Research article - Peer-reviewed, 2023
Food industry waste - An opportunity for black soldier fly larvae protein production in TanzaniaIsibika, A.; Simha, P.; Vinneras, B.; Zurbrugg, C.; Kibazohi, O.; Lalander, C.
AbstractBlack soldier Ily larvae composting is an emerging treannent option with potential to improve biowaste valorization in cities of low-income countries. This study surveyed the current generation and management status of food industry biowaste and their availability and suitability as potential feedstock for black soldier Ily larvae (BSFI.) composting treatment in three Tanzania cities, Dar es Salaam, Mwanza, and Dodoma. Biowaste-generating food industry companies (n = 29) in the three cities were found to produce banana peels, mango seeds, sunflower press cake, brewery waste, and coffee husks in large quantities (similar to 100,000-1,000,000 kg y(-1)). Around 50 % of these companies (16/29), primarily vegetable oil companies (10/11), either sold or gave away their waste as animal feed, while most companies (9/11) with unutilized food industry waste landfilled the generated biowaste. Multi-criteria analysis based on substrate availability criteria identified banana peels, mango seeds, and coffee husks with total score points of a >= 10/12 as the most suitable feedstock for BSFL composting. However, multi-criteria analysis based on physicalchemical criteria identified brewery waste and sunflower press cake with total score points of a >= 11/15 as the most suitable feedstock. Combined availability and physical-chemical properties of individual biowastes showed that all identified types of food industry biowaste can be suitable feedstock for producing BSFL biomass for protein production, but certain waste streams needed to be mixed with other waste streams prior to BSFL-composting to ensure sufficient availability and provide a balanced nutritional profile compared with the single-source biowastes. This study concluded that large volumes of food industry waste are being generated from food industry companies in Tanzania and there is need to establish new biowaste management interventions for resource recovery. Furthermore, for interested stakeholders in the waste management business, multi-stream BSFI.-composting can be a suitable solution for managing and closing nutrient loops of the unutilized food industry biowaste in Tanzania and in other similar settings globally.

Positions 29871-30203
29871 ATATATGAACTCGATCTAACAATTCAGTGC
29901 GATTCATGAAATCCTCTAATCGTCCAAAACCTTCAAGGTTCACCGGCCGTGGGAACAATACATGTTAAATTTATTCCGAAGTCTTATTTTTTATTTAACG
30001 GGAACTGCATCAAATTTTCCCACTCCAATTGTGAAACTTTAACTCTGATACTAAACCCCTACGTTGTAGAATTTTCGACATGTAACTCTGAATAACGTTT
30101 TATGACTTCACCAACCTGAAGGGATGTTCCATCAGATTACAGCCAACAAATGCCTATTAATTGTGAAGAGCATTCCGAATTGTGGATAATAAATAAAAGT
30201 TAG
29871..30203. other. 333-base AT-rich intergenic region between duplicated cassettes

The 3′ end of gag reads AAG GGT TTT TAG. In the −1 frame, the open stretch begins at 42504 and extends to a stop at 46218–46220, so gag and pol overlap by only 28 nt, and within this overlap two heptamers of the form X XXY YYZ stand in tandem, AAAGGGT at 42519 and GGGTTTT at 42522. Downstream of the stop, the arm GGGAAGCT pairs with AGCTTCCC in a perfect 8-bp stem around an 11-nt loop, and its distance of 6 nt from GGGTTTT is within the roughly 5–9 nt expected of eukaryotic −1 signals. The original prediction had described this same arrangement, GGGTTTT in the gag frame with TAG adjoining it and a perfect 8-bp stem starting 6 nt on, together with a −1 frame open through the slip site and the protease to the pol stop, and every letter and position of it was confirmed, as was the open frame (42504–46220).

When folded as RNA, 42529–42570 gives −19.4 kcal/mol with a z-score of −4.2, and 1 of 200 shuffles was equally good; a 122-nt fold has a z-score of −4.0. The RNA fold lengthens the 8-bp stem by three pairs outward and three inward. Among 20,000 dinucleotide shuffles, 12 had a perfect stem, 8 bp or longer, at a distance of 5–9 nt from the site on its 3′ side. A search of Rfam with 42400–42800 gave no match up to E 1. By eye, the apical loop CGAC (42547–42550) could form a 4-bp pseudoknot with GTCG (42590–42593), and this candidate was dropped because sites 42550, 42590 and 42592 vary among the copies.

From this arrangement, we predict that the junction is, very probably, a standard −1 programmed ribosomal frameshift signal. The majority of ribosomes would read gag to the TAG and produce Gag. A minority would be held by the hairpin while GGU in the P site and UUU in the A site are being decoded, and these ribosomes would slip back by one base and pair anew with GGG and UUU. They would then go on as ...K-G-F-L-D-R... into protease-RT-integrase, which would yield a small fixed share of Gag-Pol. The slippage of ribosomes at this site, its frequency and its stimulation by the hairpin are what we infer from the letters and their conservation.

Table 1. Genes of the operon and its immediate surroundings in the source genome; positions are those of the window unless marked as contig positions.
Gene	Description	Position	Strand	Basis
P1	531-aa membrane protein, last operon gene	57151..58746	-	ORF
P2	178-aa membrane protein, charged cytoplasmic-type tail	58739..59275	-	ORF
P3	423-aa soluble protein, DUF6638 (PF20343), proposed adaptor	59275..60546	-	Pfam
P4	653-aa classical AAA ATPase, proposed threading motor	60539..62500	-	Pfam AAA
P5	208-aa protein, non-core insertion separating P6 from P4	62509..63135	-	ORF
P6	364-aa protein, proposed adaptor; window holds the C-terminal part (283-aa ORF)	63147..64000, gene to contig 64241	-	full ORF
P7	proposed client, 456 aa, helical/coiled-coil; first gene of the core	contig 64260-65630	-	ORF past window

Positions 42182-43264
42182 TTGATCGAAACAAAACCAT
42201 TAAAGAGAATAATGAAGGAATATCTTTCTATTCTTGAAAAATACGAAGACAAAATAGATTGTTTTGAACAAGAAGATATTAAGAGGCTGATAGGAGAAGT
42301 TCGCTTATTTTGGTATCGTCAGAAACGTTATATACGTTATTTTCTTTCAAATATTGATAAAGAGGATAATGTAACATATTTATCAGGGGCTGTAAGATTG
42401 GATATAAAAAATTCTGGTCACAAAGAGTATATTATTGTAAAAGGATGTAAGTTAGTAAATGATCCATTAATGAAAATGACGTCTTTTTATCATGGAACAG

KeywordsOrganic waste management; Cities; Low-/middle-income countries; BSFL composting; Biowaste availability
Published inScience of the Total Environment
2023, volume: 858, number: Part 3, article number: 159985
University of Dar es Salaam
Eawag, Swiss Federal Institute of Aquatic Science and Technology
University of Dar es Salaam
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